The rule is well established that suppression may be obtained only by those whose rights are infringed, Rakas, supra; Bottelson, supra; State v. Jennings, 101 Idaho 265, 611 P.2d 1050 (1980), and that a person asserting standing to suppress must demonstrate some proprietary interest in the premises searched or some other interest giving a reasonable expectation of privacy, Katz v. United States, 389 U.S. 347, 88 S.Ct. 507, 19 L.Ed.2d 576 (1967). No such interest has been shown by Cowen. A suppression motion must be predicated on a defendant's personal legitimate fourth amendment interest and cannot merely be a vicarious claim that the government has invaded some other third person's privacy rights. Hence, we find no error in the district court's refusal to suppress the safe, the tools, and the photographs at Cowen's trial.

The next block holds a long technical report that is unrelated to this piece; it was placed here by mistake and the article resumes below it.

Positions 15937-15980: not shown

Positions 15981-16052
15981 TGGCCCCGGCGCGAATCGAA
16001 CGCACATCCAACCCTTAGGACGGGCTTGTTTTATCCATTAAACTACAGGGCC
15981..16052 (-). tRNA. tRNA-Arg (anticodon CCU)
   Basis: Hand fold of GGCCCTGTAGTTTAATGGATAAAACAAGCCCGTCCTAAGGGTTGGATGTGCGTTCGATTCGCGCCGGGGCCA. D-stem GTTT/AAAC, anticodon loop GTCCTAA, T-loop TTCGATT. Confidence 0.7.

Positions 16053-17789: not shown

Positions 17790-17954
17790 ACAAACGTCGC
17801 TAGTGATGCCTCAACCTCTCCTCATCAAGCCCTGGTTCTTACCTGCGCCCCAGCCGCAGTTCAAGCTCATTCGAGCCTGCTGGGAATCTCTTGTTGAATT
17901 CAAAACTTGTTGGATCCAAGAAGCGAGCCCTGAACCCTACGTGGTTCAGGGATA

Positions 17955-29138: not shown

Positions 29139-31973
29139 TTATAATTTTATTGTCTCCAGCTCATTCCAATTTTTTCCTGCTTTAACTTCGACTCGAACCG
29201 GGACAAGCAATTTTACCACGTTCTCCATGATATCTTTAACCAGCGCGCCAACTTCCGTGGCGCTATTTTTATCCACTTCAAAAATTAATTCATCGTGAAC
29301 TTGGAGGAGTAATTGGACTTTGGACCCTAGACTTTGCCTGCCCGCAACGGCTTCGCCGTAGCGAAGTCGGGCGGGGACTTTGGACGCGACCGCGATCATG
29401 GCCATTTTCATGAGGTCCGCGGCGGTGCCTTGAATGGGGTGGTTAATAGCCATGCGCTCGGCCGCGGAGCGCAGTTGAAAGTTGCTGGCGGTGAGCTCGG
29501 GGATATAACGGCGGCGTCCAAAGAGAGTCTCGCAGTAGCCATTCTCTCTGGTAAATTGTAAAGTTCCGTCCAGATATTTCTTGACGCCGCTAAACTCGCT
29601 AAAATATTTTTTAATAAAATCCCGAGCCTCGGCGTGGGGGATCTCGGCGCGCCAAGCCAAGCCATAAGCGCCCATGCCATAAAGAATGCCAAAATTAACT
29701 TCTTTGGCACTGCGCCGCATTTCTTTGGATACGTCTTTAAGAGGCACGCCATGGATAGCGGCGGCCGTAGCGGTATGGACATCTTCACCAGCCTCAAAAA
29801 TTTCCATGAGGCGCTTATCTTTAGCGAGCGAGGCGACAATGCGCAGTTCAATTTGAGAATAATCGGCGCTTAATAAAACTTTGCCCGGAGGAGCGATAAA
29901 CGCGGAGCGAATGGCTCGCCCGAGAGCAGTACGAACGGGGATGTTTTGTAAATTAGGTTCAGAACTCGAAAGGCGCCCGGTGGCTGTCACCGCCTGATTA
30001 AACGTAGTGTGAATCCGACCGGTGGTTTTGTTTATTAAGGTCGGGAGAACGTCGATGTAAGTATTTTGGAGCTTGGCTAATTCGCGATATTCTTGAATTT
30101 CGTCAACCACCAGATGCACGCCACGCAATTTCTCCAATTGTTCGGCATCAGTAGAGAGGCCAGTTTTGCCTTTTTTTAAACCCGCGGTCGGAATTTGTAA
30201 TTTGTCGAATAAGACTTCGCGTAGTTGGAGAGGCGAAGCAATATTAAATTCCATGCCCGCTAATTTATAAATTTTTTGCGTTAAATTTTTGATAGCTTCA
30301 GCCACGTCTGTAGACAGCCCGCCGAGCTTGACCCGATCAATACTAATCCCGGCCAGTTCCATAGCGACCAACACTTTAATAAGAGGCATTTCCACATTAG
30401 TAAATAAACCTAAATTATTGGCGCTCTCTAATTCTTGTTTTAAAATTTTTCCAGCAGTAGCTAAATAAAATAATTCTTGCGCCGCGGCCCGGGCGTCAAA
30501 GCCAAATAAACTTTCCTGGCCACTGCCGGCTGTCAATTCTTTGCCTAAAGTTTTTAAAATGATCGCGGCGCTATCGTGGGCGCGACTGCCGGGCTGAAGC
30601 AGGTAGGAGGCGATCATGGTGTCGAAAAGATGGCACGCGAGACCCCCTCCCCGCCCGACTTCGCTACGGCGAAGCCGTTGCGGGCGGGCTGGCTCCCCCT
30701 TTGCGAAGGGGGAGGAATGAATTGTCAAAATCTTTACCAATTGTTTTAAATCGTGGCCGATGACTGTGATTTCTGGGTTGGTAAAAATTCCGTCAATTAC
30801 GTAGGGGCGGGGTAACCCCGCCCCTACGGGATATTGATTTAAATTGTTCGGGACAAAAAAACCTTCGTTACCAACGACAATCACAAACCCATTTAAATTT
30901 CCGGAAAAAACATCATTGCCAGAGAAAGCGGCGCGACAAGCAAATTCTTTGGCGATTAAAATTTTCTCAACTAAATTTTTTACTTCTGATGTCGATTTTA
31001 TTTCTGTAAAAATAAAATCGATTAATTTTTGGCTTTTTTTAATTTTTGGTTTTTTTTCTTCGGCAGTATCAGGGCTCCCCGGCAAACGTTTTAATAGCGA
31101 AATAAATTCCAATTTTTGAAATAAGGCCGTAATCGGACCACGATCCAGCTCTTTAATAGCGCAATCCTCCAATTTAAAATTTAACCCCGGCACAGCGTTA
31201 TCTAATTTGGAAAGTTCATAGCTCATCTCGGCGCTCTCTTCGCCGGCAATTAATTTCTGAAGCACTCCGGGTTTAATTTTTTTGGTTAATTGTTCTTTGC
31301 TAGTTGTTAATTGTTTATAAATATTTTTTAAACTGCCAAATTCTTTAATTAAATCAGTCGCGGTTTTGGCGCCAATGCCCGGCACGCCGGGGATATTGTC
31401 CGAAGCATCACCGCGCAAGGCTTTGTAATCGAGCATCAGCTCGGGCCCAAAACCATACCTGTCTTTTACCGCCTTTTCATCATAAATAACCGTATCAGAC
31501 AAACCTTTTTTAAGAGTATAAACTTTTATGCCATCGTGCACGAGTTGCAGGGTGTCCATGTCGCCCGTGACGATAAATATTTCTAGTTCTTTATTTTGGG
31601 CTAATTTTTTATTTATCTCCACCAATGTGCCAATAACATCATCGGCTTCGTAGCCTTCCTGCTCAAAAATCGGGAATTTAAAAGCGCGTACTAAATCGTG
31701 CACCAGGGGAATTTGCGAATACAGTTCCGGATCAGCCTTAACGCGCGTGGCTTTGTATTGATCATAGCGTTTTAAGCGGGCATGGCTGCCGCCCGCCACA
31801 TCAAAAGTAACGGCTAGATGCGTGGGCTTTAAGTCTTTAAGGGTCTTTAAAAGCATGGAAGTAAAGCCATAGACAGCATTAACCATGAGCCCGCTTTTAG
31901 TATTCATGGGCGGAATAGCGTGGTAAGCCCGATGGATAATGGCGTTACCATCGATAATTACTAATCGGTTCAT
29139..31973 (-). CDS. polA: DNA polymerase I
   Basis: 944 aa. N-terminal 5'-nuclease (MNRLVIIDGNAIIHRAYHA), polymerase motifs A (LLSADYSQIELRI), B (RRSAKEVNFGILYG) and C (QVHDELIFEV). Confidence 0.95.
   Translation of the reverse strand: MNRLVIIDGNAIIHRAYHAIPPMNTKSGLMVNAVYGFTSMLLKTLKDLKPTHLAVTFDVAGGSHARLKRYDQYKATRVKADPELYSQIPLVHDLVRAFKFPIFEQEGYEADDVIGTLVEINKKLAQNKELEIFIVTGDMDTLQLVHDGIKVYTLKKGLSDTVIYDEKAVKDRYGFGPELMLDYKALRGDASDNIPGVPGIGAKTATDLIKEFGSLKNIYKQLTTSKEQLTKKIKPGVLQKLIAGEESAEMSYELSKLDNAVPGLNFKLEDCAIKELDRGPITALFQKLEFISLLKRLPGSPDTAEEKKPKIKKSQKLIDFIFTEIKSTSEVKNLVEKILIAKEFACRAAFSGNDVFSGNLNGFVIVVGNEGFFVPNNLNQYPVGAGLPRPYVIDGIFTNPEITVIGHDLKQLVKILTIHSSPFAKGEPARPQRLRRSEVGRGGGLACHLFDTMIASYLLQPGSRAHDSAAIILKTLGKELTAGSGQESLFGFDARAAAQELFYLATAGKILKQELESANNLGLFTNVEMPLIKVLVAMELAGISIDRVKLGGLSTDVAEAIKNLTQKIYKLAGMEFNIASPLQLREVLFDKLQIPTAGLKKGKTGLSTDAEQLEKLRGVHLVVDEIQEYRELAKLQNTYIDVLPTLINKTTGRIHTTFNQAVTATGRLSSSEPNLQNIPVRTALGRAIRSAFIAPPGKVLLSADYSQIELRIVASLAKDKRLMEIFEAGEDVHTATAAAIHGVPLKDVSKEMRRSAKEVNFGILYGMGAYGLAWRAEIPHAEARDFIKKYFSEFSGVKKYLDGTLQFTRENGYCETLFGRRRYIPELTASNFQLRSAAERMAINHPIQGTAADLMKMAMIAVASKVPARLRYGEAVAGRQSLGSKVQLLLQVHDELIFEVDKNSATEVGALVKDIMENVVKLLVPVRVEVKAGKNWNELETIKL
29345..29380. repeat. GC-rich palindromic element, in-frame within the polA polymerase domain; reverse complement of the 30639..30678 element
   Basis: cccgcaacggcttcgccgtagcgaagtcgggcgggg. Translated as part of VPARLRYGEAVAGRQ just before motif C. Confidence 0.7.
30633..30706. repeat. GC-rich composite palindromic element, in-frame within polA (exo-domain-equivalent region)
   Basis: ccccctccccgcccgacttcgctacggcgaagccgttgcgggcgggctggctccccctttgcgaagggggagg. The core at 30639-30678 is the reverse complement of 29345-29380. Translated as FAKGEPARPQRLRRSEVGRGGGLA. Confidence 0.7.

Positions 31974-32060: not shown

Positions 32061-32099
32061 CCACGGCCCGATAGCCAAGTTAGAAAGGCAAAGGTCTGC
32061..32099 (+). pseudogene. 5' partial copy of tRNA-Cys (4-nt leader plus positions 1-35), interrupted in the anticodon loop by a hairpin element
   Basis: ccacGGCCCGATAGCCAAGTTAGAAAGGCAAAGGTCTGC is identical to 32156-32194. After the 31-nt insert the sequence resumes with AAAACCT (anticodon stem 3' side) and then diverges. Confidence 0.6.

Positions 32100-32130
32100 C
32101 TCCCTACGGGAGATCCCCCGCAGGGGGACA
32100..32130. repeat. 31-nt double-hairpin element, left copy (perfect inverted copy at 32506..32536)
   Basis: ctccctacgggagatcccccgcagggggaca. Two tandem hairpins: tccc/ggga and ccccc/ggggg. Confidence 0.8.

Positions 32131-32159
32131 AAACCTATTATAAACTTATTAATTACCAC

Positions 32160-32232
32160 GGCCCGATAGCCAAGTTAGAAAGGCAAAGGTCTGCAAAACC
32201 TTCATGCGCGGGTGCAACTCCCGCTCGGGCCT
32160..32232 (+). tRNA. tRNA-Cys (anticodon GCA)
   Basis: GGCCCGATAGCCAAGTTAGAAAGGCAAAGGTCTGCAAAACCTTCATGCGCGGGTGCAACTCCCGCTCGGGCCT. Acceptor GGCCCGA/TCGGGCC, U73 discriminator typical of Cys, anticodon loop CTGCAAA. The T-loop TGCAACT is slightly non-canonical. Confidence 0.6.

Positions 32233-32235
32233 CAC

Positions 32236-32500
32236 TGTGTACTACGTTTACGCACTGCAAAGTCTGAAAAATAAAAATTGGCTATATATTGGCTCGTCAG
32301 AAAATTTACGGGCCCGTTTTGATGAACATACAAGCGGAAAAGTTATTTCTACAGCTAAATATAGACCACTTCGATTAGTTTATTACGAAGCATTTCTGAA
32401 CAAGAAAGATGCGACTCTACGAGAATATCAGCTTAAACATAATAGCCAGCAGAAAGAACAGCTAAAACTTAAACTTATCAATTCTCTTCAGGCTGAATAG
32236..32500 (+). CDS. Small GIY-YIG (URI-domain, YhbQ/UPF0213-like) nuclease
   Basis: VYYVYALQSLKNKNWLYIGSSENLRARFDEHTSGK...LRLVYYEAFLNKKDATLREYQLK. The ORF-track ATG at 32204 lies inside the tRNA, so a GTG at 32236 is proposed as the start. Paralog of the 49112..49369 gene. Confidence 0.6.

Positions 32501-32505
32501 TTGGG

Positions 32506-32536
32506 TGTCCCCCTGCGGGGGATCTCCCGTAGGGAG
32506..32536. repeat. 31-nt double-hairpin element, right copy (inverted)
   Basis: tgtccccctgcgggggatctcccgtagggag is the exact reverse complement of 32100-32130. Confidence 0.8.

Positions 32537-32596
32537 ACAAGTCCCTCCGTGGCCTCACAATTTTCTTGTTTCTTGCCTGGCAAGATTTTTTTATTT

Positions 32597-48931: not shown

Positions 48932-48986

Cowen next asserts the trial court erred in admitting as evidence those objects taken from his person and the rings found on the floor of the room in which Cowen was questioned. This Court has adopted the rationale of Terry v. Ohio, 392 U.S. 1, 88 S.Ct. 1868, 20 L.Ed.2d 889 (1968), holding that a warrantless search of a suspect's person incident to a lawful arrest is not an unreasonable search violative of the Constitution and that an officer who reasonably believes a suspect to be armed and dangerous may conduct a carefully limited pat down search of the suspect's outer clothing. State v. Post, 98 Idaho 834, 573 P.2d 153 (1978). The United States Supreme Court stated in Terry, supra, 392 U.S. at 27, 88 S.Ct. at 1883: